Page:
King Records Month 2018 — Extended Through October!
After Syd Nathan passed, King Records was sold to Starday Records in 1968, who subsequently sold the combined Starday-King catalog to Nashville’s Lin Broadcasting. The new King owners would revive the Deluxe label in 1969 or so – check out this interesting bit of pop soul from Albert Washington on the *resuscitated imprint:
“Somewhere Down the Line“
Albert Washington (1970)
Co-written by Henry Glover
Steven C. Tracy would devote a chapter to Albert Washington in Going to Cincinnati: A History of the Blues in the Queen City:
In 1970 Albert’s manager Harry Carlson [owner of Fraternity Records] signed Albert to a contract with Starday-King Records, and Albert is listed in the King discography [edited by Michel Ruppli, with Bill Daniels] as recording at the studios on Brewster Avenue on May 19 and October 16, 1970. Unfortunately the discography is incomplete and inaccurate for Albert’s work for Starday-King, from the misspelling of Harry Carlson’s name (Cartson) to the listing of all titles as unissued and the inclusion of titles not recorded at Starday-King. A number of titles are recognizable as earlier Fraternity issues.
From these Starday-King recording sessions, states Tracy, four singles were issued:
- “Loosen These Pains and Let Me Go” b/w “Go On and Help Yourself” Jewel 822
- “Love Is a Wonderful Thing” b/w “I Wanna Know How You Feel” Jewel 836
- “Betty Jane” b/w “If You Need Me” Jewel 837
- “Ain’t It a Shame” b/w “Somewhere Down the Line” Deluxe 45-135
The sessions included Albert on vocal and guitar, backed by Andy Johnson or Lonnie Mack on guitar, Hal Byrd and Scooter on horns, Hubert Herb on piano, Lonnie Bennett or Jimmy Thompson on organ, Walter Cash on bass, and Cornelius Roberts on drums, along with stray trumpet added here and there.
Of the four singles, notes Tracy:
His best is on the release on Deluxe, a King subsidiary, where Albert hits another peak for blues fans. Roy Brown had recorded the song, A&R man and vice-president of King Henry Glover’s composition, previously [unavailable on YouTube], but his smooth ballad rendering pales before Albert’s version of “Ain’t It a Shame.” Led by Lonnie Mack’s restrained guitar and underpinned by a rock-steady bass, Albert preaches in smooth and soaring tones while one of the most tastefully used female choruses – Gigi and the Charmaines – echoes and underlines Albert’s pleading. And the marvelous vamp out! [Blues Unlimited co-founder Mike] Leadbitter calls it “typical intense Albert,” but that kind of intensity is really atypical.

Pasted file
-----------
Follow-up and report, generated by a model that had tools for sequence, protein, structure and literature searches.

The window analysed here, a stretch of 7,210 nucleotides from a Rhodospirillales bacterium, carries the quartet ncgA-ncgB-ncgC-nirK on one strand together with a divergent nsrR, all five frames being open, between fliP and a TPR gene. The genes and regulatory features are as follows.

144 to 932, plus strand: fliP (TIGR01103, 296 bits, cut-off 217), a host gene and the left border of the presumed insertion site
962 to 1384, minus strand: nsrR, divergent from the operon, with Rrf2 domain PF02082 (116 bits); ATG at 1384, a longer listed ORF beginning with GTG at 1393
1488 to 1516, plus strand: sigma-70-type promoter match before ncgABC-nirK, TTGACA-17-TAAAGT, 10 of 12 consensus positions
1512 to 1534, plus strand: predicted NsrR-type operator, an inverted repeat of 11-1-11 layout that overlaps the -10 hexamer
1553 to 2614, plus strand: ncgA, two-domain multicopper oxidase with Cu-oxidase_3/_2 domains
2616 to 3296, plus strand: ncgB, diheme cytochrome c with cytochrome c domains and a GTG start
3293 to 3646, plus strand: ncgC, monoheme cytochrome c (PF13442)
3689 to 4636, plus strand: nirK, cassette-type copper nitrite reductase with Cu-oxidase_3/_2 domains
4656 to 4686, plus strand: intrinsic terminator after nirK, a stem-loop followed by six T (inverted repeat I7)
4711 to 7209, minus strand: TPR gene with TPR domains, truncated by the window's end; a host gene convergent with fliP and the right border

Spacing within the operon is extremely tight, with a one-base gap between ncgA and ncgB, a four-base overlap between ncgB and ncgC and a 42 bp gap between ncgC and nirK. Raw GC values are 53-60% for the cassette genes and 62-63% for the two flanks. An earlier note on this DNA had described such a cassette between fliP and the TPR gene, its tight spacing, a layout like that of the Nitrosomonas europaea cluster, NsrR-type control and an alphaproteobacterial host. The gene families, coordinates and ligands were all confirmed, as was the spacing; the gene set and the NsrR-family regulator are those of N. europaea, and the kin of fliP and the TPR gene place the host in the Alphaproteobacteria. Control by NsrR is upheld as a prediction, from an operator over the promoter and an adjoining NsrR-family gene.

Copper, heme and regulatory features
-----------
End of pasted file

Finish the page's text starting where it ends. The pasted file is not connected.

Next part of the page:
The flip side [“Somewhere Down the Line“] is psychedelic funk with tasty guitar and something that sounds like an echoing flute, female chorus, and chording piano and “you’ll never miss your water” in the lyrics — not of blues interest, really, but strong for its genre.
For those of you who noted the three 45 releases on Jewel and wondered if Rusty York was directly involved in making that happen, you would be correct:
Rusty York had been involved in the production of a number of these songs for Albert, and some of the songs recorded at Starday-King came out on Jewel Records. Also at this time, however, Albert went back into the Jewel Studios, recording with the same band at Starday-King, for a release on the [Cincinnati-based] Rye label.
Tracy would invite Washington to perform at Walnut Hills High School in 1972. In turn, Washington would invite Tracy play harmonica on two sides cut at Jewel, with Johnny Dollar (piano), Ed Thompson (guitar), Walter Cash (bass), and Cornelius Roberts (drums) – “So Good” b/w “Before the Sun Goes Down” – that were released on Cincinnati label, L & W.
Tracy would recall the charge of hearing “Turn on the Bright Lights” (with Lonnie Mack) for the first time on local Top 40 “hits” station WSAI in 1969 and recalling it as the moment Washington had “turned me on to the blues in Cincinnati.” Also backing Washington on “Bright Lights” are Tim Drummond (of The Dapps, not to mention bassist for James Brown’s special 6-person backing band on a harrowing Vietnam tour the year before), Denny (“Dumpy“) Rice on piano, Ron Grayson on organ, Rusty York on harmonica, and an unknown drummer, according to Tracy.
Check out the prices people are shelling out for Albert Washington on vinyl
Larry Nager’s obituary in the October 28, 1998 edition of The Cincinnati Enquirer